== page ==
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Regulation and Business Customers

With the new Consumer Duty coming into force it was something of a surprise to many (including us) that the FCA’s revised rules appeared to in effect extend beyond the usual definition of a “retail customer” as “an individual who is acting for purposes which are outside his trade, business or profession,” so that for the Consumer Duty regulation by the FCA will also now extend to any customer in a regulated activity, in other words encompassing sole traders and partnerships of 2 or 3 who are business customers in a CCA regulated agreement.

Some went as far as to suggest that this was an extension of the FCA’s jurisdiction by stealth, since it was never signposted or the subject of any debate and was simply presented as a fait accompli.

The extent to which there should be any regulation of transactions with business customers has been a matter of hot debate in the asset finance industry going back decades. We remember that when the CCA first came into full effect in 1985 there was much discussion about future reforms excluding business customers altogether.

In this regard it is particularly interesting to consider the direction of travel of future reforms to the CCA regime.

On 11 July 2023 HM Treasury published its response to the Consultation on reforming the CCA and we noted with particular interest its reporting of the responses received to the question of the scope of regulation as it applies to business customers:

“3.5 Many stakeholders argued that the existing scope set out in the CCA relating to regulation of small and medium enterprise (SME) business lending should be altered (question 5). Industry stakeholders generally supported reducing the scope or creating a separate set of requirements and protections for small business lending in the FCA Handbook. They argued that the imposition of CCA requirements reduced the availability or increased the cost of loans within scope. They also said that some of the associated protections are not necessary or cause confusion in a business lending context, particularly where a business also has loans for greater than £25,000 that are not subject to the same protections. Some suggested that certain CCA protections (such as sections 56 and 75 and some sanctions) might not be suitable for business lending if it limits lending and could potentially restrict product innovation or market participation.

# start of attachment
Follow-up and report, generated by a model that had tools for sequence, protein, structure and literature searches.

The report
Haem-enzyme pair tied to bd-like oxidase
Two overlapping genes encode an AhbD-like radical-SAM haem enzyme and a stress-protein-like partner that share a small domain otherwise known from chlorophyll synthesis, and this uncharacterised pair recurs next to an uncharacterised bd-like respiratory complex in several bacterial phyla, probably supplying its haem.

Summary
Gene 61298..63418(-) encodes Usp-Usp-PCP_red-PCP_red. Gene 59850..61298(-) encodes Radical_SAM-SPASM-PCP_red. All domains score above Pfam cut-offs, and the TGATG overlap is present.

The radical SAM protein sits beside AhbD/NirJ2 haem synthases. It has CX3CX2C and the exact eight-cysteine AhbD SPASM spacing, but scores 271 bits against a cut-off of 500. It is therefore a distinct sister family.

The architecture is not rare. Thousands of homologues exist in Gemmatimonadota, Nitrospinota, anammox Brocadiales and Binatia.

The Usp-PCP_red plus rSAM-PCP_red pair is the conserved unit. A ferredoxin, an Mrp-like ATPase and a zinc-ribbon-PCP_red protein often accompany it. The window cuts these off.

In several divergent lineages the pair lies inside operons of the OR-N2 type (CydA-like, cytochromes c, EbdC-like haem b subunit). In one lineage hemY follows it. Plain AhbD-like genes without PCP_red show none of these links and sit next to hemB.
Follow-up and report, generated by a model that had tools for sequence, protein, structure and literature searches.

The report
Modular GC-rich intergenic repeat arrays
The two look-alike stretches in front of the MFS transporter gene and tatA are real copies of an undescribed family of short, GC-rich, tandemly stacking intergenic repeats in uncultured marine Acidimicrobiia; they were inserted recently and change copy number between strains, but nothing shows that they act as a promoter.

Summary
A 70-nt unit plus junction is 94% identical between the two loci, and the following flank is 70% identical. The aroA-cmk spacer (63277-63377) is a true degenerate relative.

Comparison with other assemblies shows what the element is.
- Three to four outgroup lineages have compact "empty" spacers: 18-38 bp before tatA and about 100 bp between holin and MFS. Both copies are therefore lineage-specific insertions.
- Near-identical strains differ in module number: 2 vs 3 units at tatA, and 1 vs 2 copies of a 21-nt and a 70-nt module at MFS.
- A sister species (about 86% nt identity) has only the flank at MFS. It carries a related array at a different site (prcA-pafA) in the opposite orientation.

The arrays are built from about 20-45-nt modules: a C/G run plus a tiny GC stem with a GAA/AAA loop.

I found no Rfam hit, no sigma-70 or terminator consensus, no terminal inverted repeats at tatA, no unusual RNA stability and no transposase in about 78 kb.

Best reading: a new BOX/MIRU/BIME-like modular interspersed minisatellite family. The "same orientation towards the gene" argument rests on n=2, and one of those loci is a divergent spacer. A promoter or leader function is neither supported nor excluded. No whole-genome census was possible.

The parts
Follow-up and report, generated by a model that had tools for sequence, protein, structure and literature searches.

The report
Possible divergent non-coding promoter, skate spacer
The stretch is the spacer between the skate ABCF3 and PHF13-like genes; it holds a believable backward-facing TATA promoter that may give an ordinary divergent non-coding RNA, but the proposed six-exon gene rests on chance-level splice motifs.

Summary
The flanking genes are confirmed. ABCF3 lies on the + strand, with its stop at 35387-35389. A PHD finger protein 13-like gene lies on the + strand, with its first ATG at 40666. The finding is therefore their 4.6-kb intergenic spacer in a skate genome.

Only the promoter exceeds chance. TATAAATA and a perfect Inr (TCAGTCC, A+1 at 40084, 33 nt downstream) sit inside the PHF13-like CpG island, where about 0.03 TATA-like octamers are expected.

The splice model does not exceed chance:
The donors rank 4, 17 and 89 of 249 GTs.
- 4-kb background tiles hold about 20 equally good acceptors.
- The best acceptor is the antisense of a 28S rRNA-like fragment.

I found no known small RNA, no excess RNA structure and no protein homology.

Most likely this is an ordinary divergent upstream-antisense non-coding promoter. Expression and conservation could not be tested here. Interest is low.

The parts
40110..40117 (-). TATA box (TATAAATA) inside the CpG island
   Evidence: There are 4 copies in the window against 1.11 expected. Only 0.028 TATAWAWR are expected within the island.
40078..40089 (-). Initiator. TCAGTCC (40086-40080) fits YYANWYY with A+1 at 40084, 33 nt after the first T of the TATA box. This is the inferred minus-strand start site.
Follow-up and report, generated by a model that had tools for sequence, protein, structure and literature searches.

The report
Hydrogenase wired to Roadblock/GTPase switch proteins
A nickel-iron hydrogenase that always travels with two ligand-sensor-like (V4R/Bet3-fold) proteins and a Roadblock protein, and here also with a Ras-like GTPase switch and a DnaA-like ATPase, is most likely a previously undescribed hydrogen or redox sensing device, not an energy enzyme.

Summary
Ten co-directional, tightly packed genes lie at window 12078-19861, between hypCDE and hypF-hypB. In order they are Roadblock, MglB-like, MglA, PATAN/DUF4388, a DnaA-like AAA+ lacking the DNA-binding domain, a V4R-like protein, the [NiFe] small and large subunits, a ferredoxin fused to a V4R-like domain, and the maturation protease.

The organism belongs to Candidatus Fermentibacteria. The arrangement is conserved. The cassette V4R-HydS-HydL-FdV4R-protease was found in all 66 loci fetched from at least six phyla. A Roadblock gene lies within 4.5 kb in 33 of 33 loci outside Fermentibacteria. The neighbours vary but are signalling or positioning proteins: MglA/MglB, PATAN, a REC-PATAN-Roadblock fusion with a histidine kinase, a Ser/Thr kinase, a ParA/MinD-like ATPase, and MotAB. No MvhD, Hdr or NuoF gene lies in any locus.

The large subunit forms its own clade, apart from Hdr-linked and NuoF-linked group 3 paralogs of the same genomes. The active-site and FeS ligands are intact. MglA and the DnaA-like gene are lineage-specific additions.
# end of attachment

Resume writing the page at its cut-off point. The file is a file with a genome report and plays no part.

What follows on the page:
3.6 Others, including many consumer groups, argued that it is appropriate to extend regulation to all finance directed at sole traders and small partnerships, or that the £25,000 limit should be increased to reflect the effect of inflation since this limit was introduced in 2006. It was noted that there has been a significant increase in the number of self-employed people in recent years and many of them benefit from strong consumer protections. It was also noted that, for sole traders, there is often a blurring between borrowing for business and personal purposes.

3.7 A small number of respondents suggested extending the CCA to cover more business types, beyond just sole traders and small partnerships”.

The HM Treasury document does nothing to pin its colours to the mast on this issue, but merely stated it intends to be “guided by the principles set out on pages 11 and 12”.

A careful review of these principles reveals that the only reference to customers on them use a rather interesting definition – “consumer” (emphasis added):

“Forward-looking – the reform will be mindful that changes made to the consumer credit and consumer hire regulatory landscape should be adaptable to future ways of delivering credit and consumer hire to consumers and to the needs of consumers and businesses.

Simplified – the creation of a regulatory regime that simplifies and modernises ambiguous technical terms used in the CCA to make it clear to consumers what protections they have and to make it easier for firms to communicate these protections and comply with requirements placed on them”.

HM Treasury suggests that it has ambitious plans to reconstruct the whole architecture of the CCA regime, which on any view will take a number of years and probably a number of governments of different hues, so it will be interesting to check back in future years as to the extent to which the scope of regulation will indeed extend beyond those who are “consumers”.